Biden, Yellen Promote $2.3tn Infrastructure Package

19 May 2021 · 3rd Party Analysis

Biden, Yellen Promote $2.3tn Infrastructure Package

WRITTEN BY ThorFX

In Summary

  • President Biden seeks support for electric-vehicle funding in a Ford Motor Co. facility
  • Treasury Secretary Janet Yellen pushes higher taxes in a speech to the US Chamber of Commerce

President Joe Biden and Treasury Secretary Janet Yellen renewed their push for the approval of the proposed $2.3tn infrastructure package yesterday. The plan, proposed by the White House, is still met with disapproval by Republican lawmakers, who frown upon its price tag and some of the included measures.

Mr. Biden, however, alongside Treasury Secretary Janet Yellen, remains committed to seeking bipartisan backing, saying the infrastructure plan and the increase of taxes are vital for the ability of the US to compete globally.

On Tuesday, the President visited the Ford Motor Co. Rouge Electric Vehicle Center and made a pitch for his $2.3tn spending package. The American Jobs Plan, as the package is called, includes funding for electric vehicles as a way to help make the transition toward a sustainable and green future.

“The future of the auto industry is electric. There’s no turning back,” Mr. Biden said at Ford’s electric vehicle plant in Dearborn. “The real question is whether we’ll lead or we’ll fall behind in the race to the future – whether we’ll build these cars and the batteries that go in them here in the United States or rely on other countries.”

Substantial Infrastructure Package in the Pipeline

The administration’s infrastructure package has an electric vehicle component which includes $174bn for electric vehicle expansion. About $15bn are going to be used to build 500,000 EV charging stations across the US by 2030. Another $25bn are set aside to electrify city buses, and $20bn would go to convert 20% of the country’s school buses to electric.

Some Republican leaders have said the package includes too much funding focused on the electric-vehicle industry. Instead, they want Mr. Biden to give priority to fixing roads, bridges, and other public infrastructure. Democrats and Republicans remain at odds over what should be included in a joint infrastructure package.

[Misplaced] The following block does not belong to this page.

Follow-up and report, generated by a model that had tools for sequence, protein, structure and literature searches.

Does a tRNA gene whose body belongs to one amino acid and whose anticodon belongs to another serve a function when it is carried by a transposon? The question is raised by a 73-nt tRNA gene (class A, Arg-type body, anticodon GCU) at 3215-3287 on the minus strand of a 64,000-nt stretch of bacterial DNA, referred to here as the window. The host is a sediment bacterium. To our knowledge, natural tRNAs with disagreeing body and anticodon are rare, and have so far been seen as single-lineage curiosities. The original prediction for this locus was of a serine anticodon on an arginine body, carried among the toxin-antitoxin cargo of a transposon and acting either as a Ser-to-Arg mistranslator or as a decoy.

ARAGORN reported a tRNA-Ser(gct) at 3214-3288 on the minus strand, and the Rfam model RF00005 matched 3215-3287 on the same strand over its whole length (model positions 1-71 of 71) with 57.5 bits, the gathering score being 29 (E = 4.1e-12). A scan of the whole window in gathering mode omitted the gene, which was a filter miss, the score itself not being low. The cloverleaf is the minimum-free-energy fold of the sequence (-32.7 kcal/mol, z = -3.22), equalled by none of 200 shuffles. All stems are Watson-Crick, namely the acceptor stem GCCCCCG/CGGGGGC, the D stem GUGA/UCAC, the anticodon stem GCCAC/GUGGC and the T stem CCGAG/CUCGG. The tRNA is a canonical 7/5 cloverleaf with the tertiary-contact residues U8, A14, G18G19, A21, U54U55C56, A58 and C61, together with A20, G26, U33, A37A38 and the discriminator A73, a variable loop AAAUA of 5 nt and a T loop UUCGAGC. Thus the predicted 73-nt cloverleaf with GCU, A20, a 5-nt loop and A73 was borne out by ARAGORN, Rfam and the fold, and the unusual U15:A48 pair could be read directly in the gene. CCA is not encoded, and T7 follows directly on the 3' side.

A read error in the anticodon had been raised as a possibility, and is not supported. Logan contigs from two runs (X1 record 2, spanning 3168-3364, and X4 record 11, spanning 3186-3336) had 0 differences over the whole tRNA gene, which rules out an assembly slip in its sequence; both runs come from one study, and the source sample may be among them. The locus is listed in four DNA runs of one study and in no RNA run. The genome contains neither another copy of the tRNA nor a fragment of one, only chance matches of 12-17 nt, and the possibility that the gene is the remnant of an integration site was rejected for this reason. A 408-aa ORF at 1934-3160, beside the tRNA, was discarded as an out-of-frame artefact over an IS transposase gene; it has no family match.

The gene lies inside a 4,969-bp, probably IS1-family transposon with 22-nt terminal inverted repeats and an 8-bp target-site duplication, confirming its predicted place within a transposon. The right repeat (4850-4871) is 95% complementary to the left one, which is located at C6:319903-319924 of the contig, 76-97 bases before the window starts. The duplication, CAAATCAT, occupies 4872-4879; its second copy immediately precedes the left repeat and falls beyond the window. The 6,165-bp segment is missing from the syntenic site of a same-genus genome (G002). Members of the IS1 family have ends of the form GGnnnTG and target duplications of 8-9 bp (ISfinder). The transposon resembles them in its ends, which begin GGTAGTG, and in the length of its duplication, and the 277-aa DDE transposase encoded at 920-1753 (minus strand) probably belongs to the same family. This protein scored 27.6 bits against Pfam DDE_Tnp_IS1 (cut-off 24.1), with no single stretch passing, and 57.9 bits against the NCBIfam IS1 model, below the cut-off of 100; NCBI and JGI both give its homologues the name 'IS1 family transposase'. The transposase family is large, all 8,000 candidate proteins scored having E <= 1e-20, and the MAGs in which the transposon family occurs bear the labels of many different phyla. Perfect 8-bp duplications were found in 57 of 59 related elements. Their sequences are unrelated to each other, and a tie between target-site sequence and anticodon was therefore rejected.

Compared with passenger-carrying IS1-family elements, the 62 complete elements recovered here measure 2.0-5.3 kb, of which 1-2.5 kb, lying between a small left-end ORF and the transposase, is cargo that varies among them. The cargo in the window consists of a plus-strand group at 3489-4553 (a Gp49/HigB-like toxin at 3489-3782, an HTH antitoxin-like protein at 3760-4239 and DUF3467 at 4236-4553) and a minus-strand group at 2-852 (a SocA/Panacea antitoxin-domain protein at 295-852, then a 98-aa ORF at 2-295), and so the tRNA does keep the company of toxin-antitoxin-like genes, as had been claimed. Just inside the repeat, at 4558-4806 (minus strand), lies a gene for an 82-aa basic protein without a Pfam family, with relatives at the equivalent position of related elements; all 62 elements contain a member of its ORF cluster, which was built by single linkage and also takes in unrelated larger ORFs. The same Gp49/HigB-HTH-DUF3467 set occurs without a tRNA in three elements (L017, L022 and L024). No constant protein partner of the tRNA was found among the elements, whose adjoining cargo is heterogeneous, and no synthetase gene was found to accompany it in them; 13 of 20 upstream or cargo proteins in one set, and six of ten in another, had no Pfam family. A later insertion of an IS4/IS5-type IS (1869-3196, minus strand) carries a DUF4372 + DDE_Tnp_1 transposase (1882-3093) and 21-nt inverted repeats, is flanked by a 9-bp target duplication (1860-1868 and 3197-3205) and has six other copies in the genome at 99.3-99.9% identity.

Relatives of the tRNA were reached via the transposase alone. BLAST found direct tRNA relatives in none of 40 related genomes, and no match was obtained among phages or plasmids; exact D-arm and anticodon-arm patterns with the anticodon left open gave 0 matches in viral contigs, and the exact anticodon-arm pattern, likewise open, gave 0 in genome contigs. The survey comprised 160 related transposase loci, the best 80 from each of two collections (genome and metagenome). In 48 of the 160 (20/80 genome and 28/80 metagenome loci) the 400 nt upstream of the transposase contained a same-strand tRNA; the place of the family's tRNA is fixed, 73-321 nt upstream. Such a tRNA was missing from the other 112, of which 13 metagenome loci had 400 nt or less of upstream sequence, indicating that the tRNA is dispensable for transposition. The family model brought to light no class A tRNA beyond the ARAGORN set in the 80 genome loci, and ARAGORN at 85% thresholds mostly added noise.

Senate Republicans have proposed a $568bn counteroffer that would focus predominantly on roads, bridges, ports, airports and make general physical infrastructure improvements. The GOP plan leaves out more ambitious and forward-looking investments such as electric vehicles, home caregiving, and innovation toward tackling climate change.

Mr. Biden said he has rejected the counterproposal and expects Republicans to offer another one by Wednesday. White House representatives said there was “encouraging” progress in the negotiations.

Meanwhile, Treasury Secretary Janet Yellen yesterday sought backing from business leaders and urged them to accept paying higher taxes to support the President’s infrastructure spending. In a speech to the US Chamber of Commerce on Tuesday, Ms. Yellen reiterated the White House administration intends to raise taxes, including the corporate tax rate to 28% from 21%.

“We are confident that the investments and tax proposals in the jobs plan, taken as a package, will enhance the net profitability of our corporations and improve their global competitiveness,” Ms. Yellen said.

“We believe the corporate sector can contribute to this effort by bearing its fair share,” she continued. “At the same time, we want to eliminate incentives that reward corporations for moving their operations overseas and shifting profits to low-tax countries.”

Administration officials have been working with business leaders from every area to convince them to back the plan, saying the spending will benefit US companies both on US soil and on the global scale. On the issue of higher taxes, Mr. Biden has said he is open to a compromise. “We believe we can find a bipartisan deal,” Mr. Biden said. “But doing nothing is not an option.”

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